|SONG OF SOLOMON |
Collection of romantic poetry comprising the twenty-second book of the English Old Testament. The Hebrew title, “Solomon's Song of Songs,” means that this is the best of songs and that it in some way concerns Solomon.
Author and Date While the title appears to name Solomon as the author, the Hebrew phrase can also mean for or about Solomon. Solomon or “king” is mentioned in the book several times (Song of Solomon 1:1,Song of Solomon 1:4-5,Song of Solomon 1:12;
Song of Solomon 3:7,Song of Solomon 3:9,Song of Solomon 3:11;
Song of Solomon 7:5;
Song of Solomon 8:11-12), but scholars remain uncertain about its author. An ancient rabbinic tradition (Baba Bathra 15a) attributes the Song to Hezekiah and his scribes (compare
Similarly, it is hard to establish the date of the book from internal evidence. Some scholars argue on linguistic grounds for authorship much later than Solomon. Such grounds include the use of expressions akin to Aramaic and the presence of certain foreign loan-words (Persian: pardes “orchard,”
Song of Solomon 4:13; ‘appiryon from Greek phoreion “carriage” or [by way of Aramaic] “canopied bed,”
Song of Solomon 3:9). Others argue that such linguistic usages and borrowings can go back to the time of Solomon or merely reflect the date of the book's final editing.
Canon and Interpretation Because of its erotic language and the difficulty of its interpretation, the rabbis questioned the place of the Song of Solomon in the canon. The positive resolution of that debate is reflected in the famous declaration of Rabbi Akiva, “The whole world is not worth the day on which the Song of Songs was given to Israel; all the Writings are holy, but the Song of Songs is the holy of holies.”
The problems of the book's place in the canon and its interpretation are closely related. Under the influence of Greek views, which denigrated the body, and with the loss of a biblical view of the created goodness of the body and human love, many interpreters felt compelled to find in the Song an allegory of sacred love between God and Israel, Christ and the church, or Christ and the soul. With few exceptions, allegorical readings of the Song have prevailed for most of church history.
In the modern period, most scholars have returned to a literal reading of the Song. Conflict remains even about the literal sense of the text. Some compare Egyptian and Mesopotamian poems and see the Song as a mere collection of secular love ditties. Another view tries to see it as an adaptation of pagan fertility rituals. (This view is in reality a modern allegorical reading.) Others see the Song as a drama in which the pure love of the Shulammite maid and her shepherd prevails over Solomon's callous attempt to bring the girl into his harem. This view tries to do justice to the alteration of speakers in the Song in its various dialogues. (These shifts are indicated in Hebrew by shifts in grammatical person and number.)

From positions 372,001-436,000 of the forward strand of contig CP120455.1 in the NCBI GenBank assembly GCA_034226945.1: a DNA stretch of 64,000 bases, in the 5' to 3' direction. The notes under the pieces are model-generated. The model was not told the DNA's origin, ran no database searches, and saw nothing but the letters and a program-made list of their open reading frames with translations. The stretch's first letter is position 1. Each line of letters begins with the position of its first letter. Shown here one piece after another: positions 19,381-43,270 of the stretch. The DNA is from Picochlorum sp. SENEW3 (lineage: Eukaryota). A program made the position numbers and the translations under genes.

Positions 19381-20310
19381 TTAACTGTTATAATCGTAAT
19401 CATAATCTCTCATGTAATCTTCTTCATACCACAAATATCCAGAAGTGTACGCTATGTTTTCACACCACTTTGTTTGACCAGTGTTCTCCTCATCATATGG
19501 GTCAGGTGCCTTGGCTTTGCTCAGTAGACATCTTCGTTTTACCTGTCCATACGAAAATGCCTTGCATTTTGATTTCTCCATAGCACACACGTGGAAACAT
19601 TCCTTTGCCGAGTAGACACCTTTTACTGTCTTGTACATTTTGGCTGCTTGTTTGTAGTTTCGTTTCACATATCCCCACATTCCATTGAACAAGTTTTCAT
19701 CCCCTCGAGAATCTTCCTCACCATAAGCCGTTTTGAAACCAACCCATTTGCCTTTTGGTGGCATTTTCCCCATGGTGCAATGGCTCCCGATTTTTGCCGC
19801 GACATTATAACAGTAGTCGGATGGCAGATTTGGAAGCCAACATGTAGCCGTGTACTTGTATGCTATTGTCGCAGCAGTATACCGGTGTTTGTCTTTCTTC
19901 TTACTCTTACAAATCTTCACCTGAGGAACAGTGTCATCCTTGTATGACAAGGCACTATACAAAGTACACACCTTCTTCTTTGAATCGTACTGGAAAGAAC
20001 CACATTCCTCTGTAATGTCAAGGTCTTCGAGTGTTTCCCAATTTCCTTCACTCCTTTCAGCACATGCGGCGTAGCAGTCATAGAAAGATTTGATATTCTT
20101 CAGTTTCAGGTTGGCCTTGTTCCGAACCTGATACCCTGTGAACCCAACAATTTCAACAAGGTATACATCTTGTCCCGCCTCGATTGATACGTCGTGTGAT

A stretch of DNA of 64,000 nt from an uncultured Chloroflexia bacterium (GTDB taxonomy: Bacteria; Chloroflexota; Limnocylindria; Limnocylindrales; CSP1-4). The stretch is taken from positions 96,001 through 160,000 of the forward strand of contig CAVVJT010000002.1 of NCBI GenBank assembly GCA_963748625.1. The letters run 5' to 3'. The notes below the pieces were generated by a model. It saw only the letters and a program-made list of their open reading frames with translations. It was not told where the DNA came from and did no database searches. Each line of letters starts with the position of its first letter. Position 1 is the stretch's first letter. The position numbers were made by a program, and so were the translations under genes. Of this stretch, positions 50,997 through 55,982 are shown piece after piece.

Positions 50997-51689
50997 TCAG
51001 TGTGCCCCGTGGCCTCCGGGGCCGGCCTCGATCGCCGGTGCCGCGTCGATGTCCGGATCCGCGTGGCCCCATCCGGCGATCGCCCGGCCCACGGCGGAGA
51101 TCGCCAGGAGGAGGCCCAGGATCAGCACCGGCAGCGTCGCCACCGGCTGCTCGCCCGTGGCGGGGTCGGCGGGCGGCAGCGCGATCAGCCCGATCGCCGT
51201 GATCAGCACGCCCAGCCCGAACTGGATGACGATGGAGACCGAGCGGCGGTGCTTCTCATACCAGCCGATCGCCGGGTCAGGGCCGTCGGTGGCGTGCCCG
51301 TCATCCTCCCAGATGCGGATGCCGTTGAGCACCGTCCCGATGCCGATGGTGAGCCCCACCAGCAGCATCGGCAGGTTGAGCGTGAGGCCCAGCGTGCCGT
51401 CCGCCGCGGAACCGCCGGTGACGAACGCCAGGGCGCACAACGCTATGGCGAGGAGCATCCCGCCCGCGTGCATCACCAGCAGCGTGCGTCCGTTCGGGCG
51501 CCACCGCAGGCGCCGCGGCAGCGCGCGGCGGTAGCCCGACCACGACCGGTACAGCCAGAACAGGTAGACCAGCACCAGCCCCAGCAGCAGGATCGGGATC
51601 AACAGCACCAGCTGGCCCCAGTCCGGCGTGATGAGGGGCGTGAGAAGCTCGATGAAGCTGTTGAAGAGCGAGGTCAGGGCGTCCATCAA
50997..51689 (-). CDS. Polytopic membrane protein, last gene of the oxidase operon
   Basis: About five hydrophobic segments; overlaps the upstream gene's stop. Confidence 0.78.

A recent, promising approach is aware of parallels to Egyptian love poetry but shows that the Song itself gives expression to a uniquely biblical perspective on sexual love. While containing a number of smaller love poems, the Song is unified by patterns of dialogue, repetition, the use of catch words, and above all, a consistent vision of love. Like
Genesis 2:23-25, the Song celebrates God's gift of bodily love between man and woman. Here the Creator's wisdom and bounty are displayed. Thus, the Song is best taken as an example of Israel's wisdom poetry (compare
Proverbs 30:18-20). Like many Psalms which praise God and also teach, the Song's main purpose is to celebrate rather than to instruct. Like music, it tends to joy rather than learning. Yet one can overhear in it biblical wisdom on love. “Love is as strong as death.… Many waters cannot quench love.… If one were to give all the wealth of his house for love, it would be utterly scorned” (Song of Solomon 8:6-7 NIV). Moreover, there is a right time and place for love: “Daughters of Jerusalem, I charge you… Do not arouse or awaken love until it so desires” (Song of Solomon 3:5 NIV). In these poems love is portrayed in its power and splendor, its freshness and devotion to the beloved. Love in all its variety parades before us: moments of union and separation, ecstasy and anguish, longing and fulfillment.
Finally, a certain validity remains in the long history of interpretation, which saw in the pure love of the Song a reflection of divine-human love (compare
Song of Solomon 3:6-11; and the messianic typology of
Psalms 45:1.) Nonetheless, this parallel should not be pushed to the point of allegorizing details of the poem. See Allegory, Wisdom.
I. Longing Is a Part of Love (Song of Solomon 1:1-8).
II. Love Will Not Be Silent (Song of Solomon 1:9-2:7).
III. Spring and Love Go Together (Song of Solomon 2:8-17).
IV. Love Is Exclusive (Song of Solomon 3:1-5).
V. Love Is Enhanced by Friendship (Song of Solomon 3:6-11).
VI. Love Sees Only the Beautiful (Song of Solomon 4:1-7).
VII. Love Involves Giving and Receiving (Song of Solomon 4:8-5:1).
VIII. Love Means Risking the Possibility of Pain (Song of Solomon 5:2-6:3).
IX. Words Fail for Expressing Love (Song of Solomon 6:4-7:9).
X. Love Must Be Given Freely (Song of Solomon 7:10-13).
XI. True Love Is Priceless (Song of Solomon 8:1-14).
Raymond C. Van Leeuwen